Another Indy effort bites the dust

FOXBORO, Mass. -- So confident was Colts kicker Mike Vanderjagt that he would make a tying, 48-yard field goal with 24 seconds remaining in Thursday night's league opener against the Patriots at Gillette Stadium -- and why wouldn't he be; he had only connected on a league-record 42 in a row -- that he turned toward the Patriots' sideline before setting up for the kick and rubbed a few of his fingers together.

For those who don't speak sign language, that's universal for "money."

So sure was Patriots kicker Adam Vinatieri that his counterpart would tie the game, he began warming up for a possible overtime game-winner.

"I thought we were going to overtime," Vinatieri, who has made more than his share of clutch kicks, said after the game. "This guy never misses, and I just assumed he was going to make it again."

There's a saying about assuming that isn't quite suitable for print. But it's beginning to approach the point, after Vanderjagt missed wide right to cap yet another Colts loss to the Patriots, where it's a safe bet Indianapolis will find a way to kick itself against New England. The Colts have lost five straight in the series, eight in a row at Foxboro, and 13 of 15 to the Pats since 1996.

Around these parts, the word "curse" comes to mind. But there isn't anything mysterious about why the Colts haven't been able to overcome the Patriots, even on occasions when the Super Bowl champions graciously offer their assistance. Whenever Indianapolis plays New England, it seems the Colts are battling themselves.

The Colts amassed 446 yards of offense and 28 first downs against one of the league's best defenses from last season, one that gets even tighter at home. Indianapolis ran for 202 yards (142 by Edgerrin James), averaging 4.8 yards per carry and, at one point, running the Patriots out of their 3-4 base defense into a 4-3. Peyton Manning completed passes of 64, 45, and 42 yards against a defense that was designed not to give up the big play. For long stretches of the game, the Patriots went without Rodney Harrison and Ty Law (hamstring injuries).

In the end, none of it mattered because the Colts kept giving up the ball at the worst times and in the worst places. Patriots linebacker Tedy Bruschi intercepted Manning's pass intended for Dallas Clark at New England's 1-yard line on the Colts' first possession. James lost two fumbles, both inside the Patriots' 20, the second coming at the goal line after an end-zone pass-interference penalty that gave Indy a first-and-goal at the 1.

"[The streaks have] nothing to do with New England or the Patriots," Colts president Bill Polian said afterward. "We just played awful football tonight. We were fundamentally as poor as you could be. We tackled poorly, we didn't hold onto the football. We turned it over. You're not going to win in the National Football League playing that kind of football. I can't remember us playing this poorly. Maybe three years ago."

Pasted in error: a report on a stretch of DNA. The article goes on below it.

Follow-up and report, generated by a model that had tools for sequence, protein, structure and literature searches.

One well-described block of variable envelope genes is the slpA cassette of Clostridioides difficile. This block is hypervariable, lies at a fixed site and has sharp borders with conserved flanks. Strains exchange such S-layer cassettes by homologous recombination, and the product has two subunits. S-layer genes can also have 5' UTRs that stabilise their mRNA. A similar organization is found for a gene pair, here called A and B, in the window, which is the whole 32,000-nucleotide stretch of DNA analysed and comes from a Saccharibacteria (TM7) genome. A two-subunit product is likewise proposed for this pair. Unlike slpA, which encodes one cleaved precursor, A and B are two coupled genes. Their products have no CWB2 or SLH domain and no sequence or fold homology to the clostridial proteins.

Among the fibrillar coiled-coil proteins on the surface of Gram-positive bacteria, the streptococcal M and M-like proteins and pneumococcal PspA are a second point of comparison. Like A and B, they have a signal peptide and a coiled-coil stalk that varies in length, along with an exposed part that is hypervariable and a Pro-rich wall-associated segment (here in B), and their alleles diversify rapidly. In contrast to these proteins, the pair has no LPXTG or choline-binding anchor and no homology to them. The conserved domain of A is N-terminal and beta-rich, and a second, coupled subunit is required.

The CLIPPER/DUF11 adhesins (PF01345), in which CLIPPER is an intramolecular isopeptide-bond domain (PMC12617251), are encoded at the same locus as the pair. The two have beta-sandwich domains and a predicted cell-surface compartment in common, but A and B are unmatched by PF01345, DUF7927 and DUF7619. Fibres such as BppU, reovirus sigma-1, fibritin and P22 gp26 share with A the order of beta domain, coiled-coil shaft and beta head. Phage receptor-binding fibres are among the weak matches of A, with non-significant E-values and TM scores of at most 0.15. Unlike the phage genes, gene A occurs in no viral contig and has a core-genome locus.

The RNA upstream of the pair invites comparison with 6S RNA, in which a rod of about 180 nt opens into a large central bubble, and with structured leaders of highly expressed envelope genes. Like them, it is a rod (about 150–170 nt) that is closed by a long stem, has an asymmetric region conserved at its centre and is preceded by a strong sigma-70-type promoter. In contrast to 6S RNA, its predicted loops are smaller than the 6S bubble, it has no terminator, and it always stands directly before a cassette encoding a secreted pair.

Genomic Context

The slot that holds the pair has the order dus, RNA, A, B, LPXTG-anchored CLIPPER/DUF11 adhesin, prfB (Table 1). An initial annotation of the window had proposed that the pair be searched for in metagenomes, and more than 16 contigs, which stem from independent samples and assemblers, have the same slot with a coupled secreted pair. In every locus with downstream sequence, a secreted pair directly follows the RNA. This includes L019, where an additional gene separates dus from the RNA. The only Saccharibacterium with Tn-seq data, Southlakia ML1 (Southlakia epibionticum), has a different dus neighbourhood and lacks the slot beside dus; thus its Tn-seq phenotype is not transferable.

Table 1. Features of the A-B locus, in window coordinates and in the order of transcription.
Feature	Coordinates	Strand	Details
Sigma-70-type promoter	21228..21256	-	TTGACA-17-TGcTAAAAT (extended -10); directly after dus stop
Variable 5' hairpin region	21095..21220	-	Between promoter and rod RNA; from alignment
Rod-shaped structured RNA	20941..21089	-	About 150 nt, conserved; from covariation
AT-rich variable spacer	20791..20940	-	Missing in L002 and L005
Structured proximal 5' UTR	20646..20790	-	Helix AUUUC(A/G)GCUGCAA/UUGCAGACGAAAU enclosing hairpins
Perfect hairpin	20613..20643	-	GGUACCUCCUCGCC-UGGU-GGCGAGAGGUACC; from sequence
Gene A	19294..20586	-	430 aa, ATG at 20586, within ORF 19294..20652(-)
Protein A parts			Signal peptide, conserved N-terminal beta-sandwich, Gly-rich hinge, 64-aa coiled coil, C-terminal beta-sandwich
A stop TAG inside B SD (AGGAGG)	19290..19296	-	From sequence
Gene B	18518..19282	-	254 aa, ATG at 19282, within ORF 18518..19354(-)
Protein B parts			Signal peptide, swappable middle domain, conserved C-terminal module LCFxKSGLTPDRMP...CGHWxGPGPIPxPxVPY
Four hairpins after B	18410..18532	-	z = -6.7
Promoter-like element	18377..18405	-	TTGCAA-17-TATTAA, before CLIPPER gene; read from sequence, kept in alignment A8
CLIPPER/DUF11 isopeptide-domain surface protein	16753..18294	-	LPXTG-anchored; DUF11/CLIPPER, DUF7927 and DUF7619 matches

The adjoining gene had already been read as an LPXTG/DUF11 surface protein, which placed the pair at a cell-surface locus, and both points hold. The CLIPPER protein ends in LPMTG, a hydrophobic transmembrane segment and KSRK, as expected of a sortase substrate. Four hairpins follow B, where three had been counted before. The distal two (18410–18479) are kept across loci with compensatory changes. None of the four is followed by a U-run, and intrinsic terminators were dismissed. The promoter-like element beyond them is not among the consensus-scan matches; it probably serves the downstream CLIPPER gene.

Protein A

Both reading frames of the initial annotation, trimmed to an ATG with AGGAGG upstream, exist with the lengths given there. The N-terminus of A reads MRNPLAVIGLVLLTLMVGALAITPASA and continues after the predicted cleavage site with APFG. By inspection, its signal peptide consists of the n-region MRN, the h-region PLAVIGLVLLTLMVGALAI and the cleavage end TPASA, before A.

When it was suggested that perhaps some supernatural power was working in favor of the Patriots, to whom the Colts lost twice last season, the first time at the RCA Dome on a goal-line stand to the end the game, Polian replied: "Absolutely not."

"We shot ourselves in the foot, in the head, in the left ear lobe, in the right eye," he said. "We killed ourselves. They're a good team, nobody takes that away from them, but we killed ourselves. This is the worst football game we've played in three years."

Well, now it's going on 10 since the Colts have played the Patriots well enough to beat them, and because of this latest loss, their next opportunity could very well come here, in the playoffs, instead of in Indianapolis. Even after James' fumble with 3:51 to play, the Colts still had one final opportunity to pull it out, after the Pats eschewed new addition Corey Dillon on the next series.

An incompletion on the first play after the 2-minute warning gave the Colts another possession, and they moved from their 36 to the Patriots' 19 on a 45-yard catch and run by Brandon Stokley.

It turned out to be nothing but a tease. On third-and-8 from the 17, Willie McGinest, much as he did last November to stuff James and preserve a 38-34 win in Indy, came unblocked and sacked Manning for a 12-yard loss.

"I came off the end and they forgot about me again," McGinest said.

Before that, the Colts were looking at a 35-yard field goal attempt -- a relative chip shot for Vanderjagt. Now 48 yards ... that's a different story.

Actually, it turned out to be the same old story for the Colts. And, for that matter, for the Patriots, who won their 16th consecutive game -- two shy of the league record.

"Good snap, good hold, good protection," Vanderjagt said. "My foot hitting the field was kind of nasty, but you get used to that in this league. I blame it on nobody but myself. I didn't hit it through the uprights.

"It sucks. I wanted to make it to help Edge out, I wanted to make it to help Peyton out, I wanted to make it so we could win this game. They're clearly not a better team than us. We needed a 3-pointer to win the game, but 48 [yards is] no gimmie."

The Colts wouldn't have needed the three points had they not, frankly, given away the game by going 3-for-7 in the red zone. Allowing the Patriots to rack up 402 yards of offense didn't help either.

"It's very disappointing to come in and we can't execute the fundamentals of football any better than that," Colts coach Tony Dungy said. "They're all going to look at Mike and point at the kick and not making it, but we had a lot of bad football going on before that kick. It was probably a fitting end to the game."

Said Patriots coach Bill Belichick, "It seems like all of our games against the Colts are like this."

Don't they know it.

Michael Smith is a staff writer for ESPN.com.